It is this authoritarian theocratic government that lies to the whole world under the guise of democracy. It strictly controls ordinary exile Tibetans and ruthlessly cracks down on those with different opinions.

    Qi Maizeren, who was once a core member of the Dalai Lama group, said there were 10 Tibetans assassinated because their opinions differed from those of the Dalai Lama.

    My previous story also mentioned that the leader of Labrang’s local forces, Gungthang Tsultrim, was assassinated by the Dalai Lama group. In addition, the Dalai Lama once sent Samdhong Rinpoche with more than 200 men,to smash the New Delhi headquarters of the organization called Four Rivers, Six Ranges and burned the documents on the deeds of the organization’s leader Lithang Athar.

    Writers from the Dalai Lama group responded that these were lies I deliberately created, but they could not provide any concrete evidence to refute me. Instead, they used more than 2,000 words to criticize my confusion of the persecution of Tibetan scholar Tsultrim Kalsang Khangkar and another exile Tibetan named A Lequnze due to memory mistake. They introduced the details of the two cases, trying to prove their group did not impose political persecution on them. In fact, their correction added new data for the list of persecuted victims.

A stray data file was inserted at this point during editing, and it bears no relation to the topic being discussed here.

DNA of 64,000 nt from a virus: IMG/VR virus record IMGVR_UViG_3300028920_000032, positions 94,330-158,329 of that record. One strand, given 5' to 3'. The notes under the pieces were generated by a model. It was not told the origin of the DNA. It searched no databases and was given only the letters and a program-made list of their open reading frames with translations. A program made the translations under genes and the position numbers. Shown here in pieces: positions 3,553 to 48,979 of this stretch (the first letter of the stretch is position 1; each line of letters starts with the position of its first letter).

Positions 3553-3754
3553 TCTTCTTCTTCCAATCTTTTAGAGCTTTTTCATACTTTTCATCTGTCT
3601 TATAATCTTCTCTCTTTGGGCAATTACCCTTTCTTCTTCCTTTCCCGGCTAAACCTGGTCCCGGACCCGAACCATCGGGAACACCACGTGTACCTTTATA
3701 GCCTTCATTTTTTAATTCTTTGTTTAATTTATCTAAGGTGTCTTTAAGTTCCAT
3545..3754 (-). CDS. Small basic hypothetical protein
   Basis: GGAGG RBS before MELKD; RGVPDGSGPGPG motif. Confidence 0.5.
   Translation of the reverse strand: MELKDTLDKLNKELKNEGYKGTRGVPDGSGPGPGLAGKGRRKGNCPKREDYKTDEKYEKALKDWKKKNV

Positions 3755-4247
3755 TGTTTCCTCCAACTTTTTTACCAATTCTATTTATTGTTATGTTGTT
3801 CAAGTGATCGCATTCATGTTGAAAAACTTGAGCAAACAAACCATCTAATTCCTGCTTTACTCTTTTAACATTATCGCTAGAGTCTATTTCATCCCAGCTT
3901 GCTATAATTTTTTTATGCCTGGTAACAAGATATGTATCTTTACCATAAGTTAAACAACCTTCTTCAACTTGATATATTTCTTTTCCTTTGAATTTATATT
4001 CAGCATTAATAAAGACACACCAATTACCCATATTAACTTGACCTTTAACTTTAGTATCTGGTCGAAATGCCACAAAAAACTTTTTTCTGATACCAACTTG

Tibetan scholar Jamyang Norbu’s description revealed the political persecution Tsultrim Kalsang Khangkar and A Lequnze suffered from. He wrote that there was a well-organized threatening letter movement against Tibetan scholar Tsultrim Kalsang Khangkar, who lived in Japan and once attacked Dalai Lama in a work.